haleakala death march.
ok. i’m exaggerating. it was actually really beautiful, and not at all a death march. it was a nice clear day. very warm in the sun, very cool in the shade (which only existed near the end of the hike where you climb up some switchbacks and under the pee tree). first we took the windy road up up up. luckily we stopped a few places along the way (gale’s work to meet his coworkers – where he harassed danielle and made her drive us up to science city and then drop us at the sliding sands trailhead) or i probably would have lost my breakfast of baked bananas.
our tourguide/haleakala terrorist (see pics coming) gale:
he is from georgia (go dawgs, sic ’em woof! woof!) and came to alaska to live with our family during the summers to work (cannery, fishing, etc). he is my mom’s cousin. his first summer in wrangell was when my mom was still pregnant with ethan in 1990. he was a huge part of our childhood. i can’t believe he kept coming back and then he and margaret (brave woman!) eventually stayed. i can’t imagine dealing with a bunch of kids in your space, dealing with my dad, living on an island with no road out, and working the crazy shifts at the cannery. we drove him crazy. but we were always laughing around him, at him, with him.
gale’s playground. the beginning:
the trail is mostly downhill or flat until you reach the switchbacks at the end. there is maybe a gently sloping hill or two in between. as we were coming down (maybe in our first hour) we came across a couple from pennsylvania who looked like they were about to die. literally. the guy couldn’t even stand up. they were both dehydrated (they came to watch the sunrise and didn’t realize it was going to take so long to go back up and how much the temperature was going to change as soon as the sun came up). we gave them a bottle of water, which the guy tried to pay us for. gale said there are a lot of hikers that bust their butts downhill and then when they have to come back up, they are out of water and exhausted. it’s really dry in the crater so you don’t really sweat because it’s evaporating so quickly. people don’t realize how quickly you become dehydrated.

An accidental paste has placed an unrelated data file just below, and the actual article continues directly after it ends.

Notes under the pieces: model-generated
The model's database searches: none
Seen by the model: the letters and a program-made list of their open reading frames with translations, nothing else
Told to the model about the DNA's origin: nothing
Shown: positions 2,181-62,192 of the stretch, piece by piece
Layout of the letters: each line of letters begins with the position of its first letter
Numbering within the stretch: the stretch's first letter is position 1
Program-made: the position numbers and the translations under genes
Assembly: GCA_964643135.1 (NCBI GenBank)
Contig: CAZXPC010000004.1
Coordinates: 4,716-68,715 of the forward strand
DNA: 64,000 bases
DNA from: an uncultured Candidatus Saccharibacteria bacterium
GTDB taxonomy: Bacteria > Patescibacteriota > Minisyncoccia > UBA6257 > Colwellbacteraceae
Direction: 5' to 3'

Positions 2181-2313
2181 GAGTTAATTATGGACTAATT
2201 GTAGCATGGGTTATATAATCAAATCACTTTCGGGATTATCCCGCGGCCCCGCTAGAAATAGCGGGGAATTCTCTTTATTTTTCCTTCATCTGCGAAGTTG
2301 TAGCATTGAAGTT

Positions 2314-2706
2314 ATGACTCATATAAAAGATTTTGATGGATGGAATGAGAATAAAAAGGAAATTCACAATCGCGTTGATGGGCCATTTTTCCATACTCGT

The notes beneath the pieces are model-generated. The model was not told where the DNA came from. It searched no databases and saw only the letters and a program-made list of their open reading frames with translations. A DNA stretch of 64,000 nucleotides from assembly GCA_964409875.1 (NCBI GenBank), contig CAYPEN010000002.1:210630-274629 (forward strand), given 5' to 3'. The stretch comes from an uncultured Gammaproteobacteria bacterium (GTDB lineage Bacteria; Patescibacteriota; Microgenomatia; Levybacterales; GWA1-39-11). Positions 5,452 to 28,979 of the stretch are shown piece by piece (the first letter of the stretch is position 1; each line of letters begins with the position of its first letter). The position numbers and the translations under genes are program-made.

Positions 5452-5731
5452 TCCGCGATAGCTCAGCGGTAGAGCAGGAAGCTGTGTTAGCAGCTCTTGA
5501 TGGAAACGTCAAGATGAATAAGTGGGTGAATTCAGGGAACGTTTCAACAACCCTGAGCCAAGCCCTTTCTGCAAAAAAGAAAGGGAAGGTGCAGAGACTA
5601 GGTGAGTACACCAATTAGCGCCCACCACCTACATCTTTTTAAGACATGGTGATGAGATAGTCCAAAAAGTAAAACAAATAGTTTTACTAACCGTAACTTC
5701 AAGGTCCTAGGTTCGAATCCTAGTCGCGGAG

we came down the hill in the background in the following picture. break time at the lone tree that everyone pees on (tree is not in picture):
buku is very confused which sign he should be flashing:
just past holua cabin. almost to the switchbacks. only a few more miles to go (note that buku has put on his “turban” as ethan likes to call it):
the beginning of the switchbacks. i have spf 85 ( i don’t think i’ve ever worn more than spf 15) on, and came out with only a little redness on a spot i missed on my neck.
terrorists! buku, still confused w/the sign:
we climbed up this. and we still aren’t done. these switchbacks are greater in distance, but don’t compare to the steepness of angel falls trail in zion national park:
the fence that gale helped build to keep the pests (deer, goats) out:
at the end. i thought this sign was funny:
we made it to the van where we had a celebratory bag of cheetos, a heater (when the sun goes down, it is cold and windy up there) and extra water:
then we rushed to find a good spot to enjoy the sunset. the shadow of the mountain as the sun sets:
what a beautiful day.